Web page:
Before you can expect a child to read or write, you need to be teaching phonemic awareness. Phonemic awareness can be broken into four main skills. The first of these is the ability to hear and isolate sounds (phonemes) in words.  The next two skills a child needs to master are the blending and segmenting of phonemes. The final skill is phoneme manipulation. I have found this is usually the most difficult of the four phonemic awareness skills.

Isolating Phonemes

This is where children need to be investigating both the producing and hearing of phonemes – sounds. Getting children to listen and watch you produce a sound helps them to isolate phonemes.

Ask them to copy you and make the sound too. They should be noticing the position of their mouth and tongue when they do it. It can be a little easier for some children to have access to a mirror when they are producing different sounds. A mirror helps them see and copy the mouth positions.

Tongue twisters are a fun activity that children always love. Have them repeat or create tongue twisters to reinforce the isolation of phonemes. You can download some tongue twisters here.

Picture and word sorting are fantastic activities for exploring phoneme isolation. I have some picture sorts available in my store. These picture sorts are designed to focus on initial sounds in words. The position of the phoneme in each word has a different level of difficulty. The initial sound in a word is the easiest to hear and isolate.

Blending and Segmenting Phonemes

Before you tackle the blending and segmenting of sounds, it is important that your students have a solid understanding of letter, sound and word concepts. Children need to be able to differentiate between these concepts before you begin any blending and segmenting activities.

Phoneme Bingo is a game to develop phonemic awareness

I designed a phoneme bingo game to build phonemic awareness in beginning readers. I use this phonemic awareness game to teach my students how to blend and segment the sounds/phonemes within words. Some other activities to help teach the blending and segmenting of phonemes are:

  • count the phonemes in words
  • play with a puppet that emphasises initial, medial or final sounds “look at that c-a-a-a-t”
  • use an elastic band to demonstrate segmenting by stretching the band and saying the word slowly at the same time

Manipulating Phonemes

One of the most difficult of the phonemic awareness skills requires children to substitute, delete and add phonemes to words. I have had success with this skill once children have started formal reading and writing. We make words in numerous ways. We use magnetic letters, rock letters (letters written on flat pebbles) and scrabble tiles. I always begin with CVC (consonant-vowel-consonant) words. When the children can make CVC words quite competently, we start swapping letters out to make new words. If you can make cat, you can make mat, fat, sat, pat, bat etc.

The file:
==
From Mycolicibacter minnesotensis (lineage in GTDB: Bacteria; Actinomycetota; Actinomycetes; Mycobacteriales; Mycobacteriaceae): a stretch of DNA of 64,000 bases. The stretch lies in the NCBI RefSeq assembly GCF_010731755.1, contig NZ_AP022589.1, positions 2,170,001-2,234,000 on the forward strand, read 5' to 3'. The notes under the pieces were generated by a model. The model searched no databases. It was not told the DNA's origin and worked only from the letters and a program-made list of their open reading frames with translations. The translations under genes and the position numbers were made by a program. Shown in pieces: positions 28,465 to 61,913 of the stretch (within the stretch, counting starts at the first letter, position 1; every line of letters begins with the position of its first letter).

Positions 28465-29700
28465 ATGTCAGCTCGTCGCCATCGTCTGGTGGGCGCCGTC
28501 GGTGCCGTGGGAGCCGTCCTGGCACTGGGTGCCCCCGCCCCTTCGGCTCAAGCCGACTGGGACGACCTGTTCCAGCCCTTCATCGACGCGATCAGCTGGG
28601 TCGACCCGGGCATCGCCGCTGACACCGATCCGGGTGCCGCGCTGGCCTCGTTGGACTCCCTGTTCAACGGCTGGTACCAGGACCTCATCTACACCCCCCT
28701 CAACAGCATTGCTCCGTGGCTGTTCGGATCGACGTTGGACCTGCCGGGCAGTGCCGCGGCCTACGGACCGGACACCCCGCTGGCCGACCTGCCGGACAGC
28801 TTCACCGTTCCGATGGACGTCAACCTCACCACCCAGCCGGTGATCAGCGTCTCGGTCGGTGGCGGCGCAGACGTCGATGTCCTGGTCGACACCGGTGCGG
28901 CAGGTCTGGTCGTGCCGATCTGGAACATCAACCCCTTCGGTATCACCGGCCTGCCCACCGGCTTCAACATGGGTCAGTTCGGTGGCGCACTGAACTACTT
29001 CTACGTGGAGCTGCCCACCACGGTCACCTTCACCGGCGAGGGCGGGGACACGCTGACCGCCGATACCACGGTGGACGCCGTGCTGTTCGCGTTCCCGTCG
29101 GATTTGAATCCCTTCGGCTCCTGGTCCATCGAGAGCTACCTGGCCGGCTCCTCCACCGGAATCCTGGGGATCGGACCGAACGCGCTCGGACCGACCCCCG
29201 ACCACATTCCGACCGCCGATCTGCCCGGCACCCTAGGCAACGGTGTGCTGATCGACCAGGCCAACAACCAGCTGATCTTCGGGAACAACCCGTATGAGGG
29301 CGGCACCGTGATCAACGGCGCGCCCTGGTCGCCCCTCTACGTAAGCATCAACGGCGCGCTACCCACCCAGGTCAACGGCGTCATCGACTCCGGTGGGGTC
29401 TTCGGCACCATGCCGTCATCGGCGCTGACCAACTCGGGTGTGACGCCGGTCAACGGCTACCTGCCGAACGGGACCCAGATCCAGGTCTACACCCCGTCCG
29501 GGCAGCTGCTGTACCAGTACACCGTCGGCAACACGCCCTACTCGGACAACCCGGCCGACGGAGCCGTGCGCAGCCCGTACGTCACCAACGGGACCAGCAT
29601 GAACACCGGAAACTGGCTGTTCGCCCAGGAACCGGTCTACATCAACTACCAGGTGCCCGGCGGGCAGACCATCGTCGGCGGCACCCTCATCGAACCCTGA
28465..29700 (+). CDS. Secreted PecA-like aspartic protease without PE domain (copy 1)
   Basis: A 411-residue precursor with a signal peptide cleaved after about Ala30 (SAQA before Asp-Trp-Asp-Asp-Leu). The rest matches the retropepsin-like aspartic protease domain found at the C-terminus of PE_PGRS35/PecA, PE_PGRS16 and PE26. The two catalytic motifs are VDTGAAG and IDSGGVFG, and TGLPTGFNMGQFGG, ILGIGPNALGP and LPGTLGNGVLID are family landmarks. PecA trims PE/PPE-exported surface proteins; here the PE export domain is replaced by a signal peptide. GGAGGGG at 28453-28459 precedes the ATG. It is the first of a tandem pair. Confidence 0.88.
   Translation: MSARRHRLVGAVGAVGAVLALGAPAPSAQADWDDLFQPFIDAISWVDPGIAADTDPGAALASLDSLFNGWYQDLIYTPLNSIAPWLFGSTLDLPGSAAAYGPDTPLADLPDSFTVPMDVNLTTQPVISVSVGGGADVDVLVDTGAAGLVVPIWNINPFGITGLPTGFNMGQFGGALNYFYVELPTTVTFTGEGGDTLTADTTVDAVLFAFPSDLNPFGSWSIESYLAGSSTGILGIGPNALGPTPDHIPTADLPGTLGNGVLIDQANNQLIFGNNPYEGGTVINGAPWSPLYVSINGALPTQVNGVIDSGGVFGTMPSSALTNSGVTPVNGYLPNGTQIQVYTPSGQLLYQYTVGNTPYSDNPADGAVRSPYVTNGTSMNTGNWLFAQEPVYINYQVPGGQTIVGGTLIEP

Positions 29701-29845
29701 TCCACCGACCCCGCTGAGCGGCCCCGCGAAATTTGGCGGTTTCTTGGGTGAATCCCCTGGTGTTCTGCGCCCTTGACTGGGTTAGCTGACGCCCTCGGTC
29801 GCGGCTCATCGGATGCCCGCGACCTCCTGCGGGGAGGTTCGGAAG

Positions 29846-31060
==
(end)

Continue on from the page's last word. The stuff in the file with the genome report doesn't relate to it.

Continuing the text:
Research indicates that phonemic awareness in young students is one part of an effective reading program. The teaching of phonemic awareness is most successful when there is an explicit focus on recognising and manipulating sound units— phonemes.

This Phoneme Bingo game has helped the students in my class recognise and manipulate phonemes. They love playing this game. It has been great to see them gain confidence and experience success with their phonemic awareness skills.

This .pdf file contains a call sheet and 18 bingo cards. Each card has 6 pictures. I have used stock photos for the pictures as I like the authenticity of real life images. Your students will instantly recognise the pictures on each card. Instructions for playing are included along with some information on phonemic awareness.

 

This game is easily differentiated to suit the developmental level of your students. Some ideas for differentiation are included.

Check out my blog post on Phonological Awareness if you would like to read more about phonemic awareness and other pre-reading skills.
Play dough Flowers. A sensory number provocation

Play dough Flowers— Number Provocations

I always link the provocations in my play-based investigation areas to our class learning intentions. I designed these play dough flowers for some number provocations I had in mind. They have turned out to be quite a handy resource.

I’ve frequently used them to teach number concepts in a variety of ways. I have been using them in quick transition activities, math warm-ups and also in whole class math games. They have been useful as a resource for my explicit teaching lessons too.  These flowers are ideal for use in quite a few different number provocations. I’ve outlined some number provocations and a few other ideas below.

These number flowers are a great addition to your playdoh table
Number provocation at the play dough table
Play dough provocation with printable flowers

I wanted a hands-on, sensory provocation to teach some number concepts. These flowers were originally designed to be used at the play dough table. The children loved them and before long number provocations started popping up everywhere! It seems I’m grabbing them more often for other areas in my classroom too.

They have come in handy when we study living things (plants) in Science. I always get them out for Spring. Our classroom is full of flowers in Spring.

Here are some of the ways I have used these Number Flowers in my classroom:

As number provocations in our Investigation Areas
  • In sensory tubs with sand, dirt, gravel or rice and a few empty plant pots, some gardening gloves and a couple of gardening trowels.
  • As a stimulus at the play dough table with either plant pots or cups so they can squash the play dough into the cup and plant their flowers.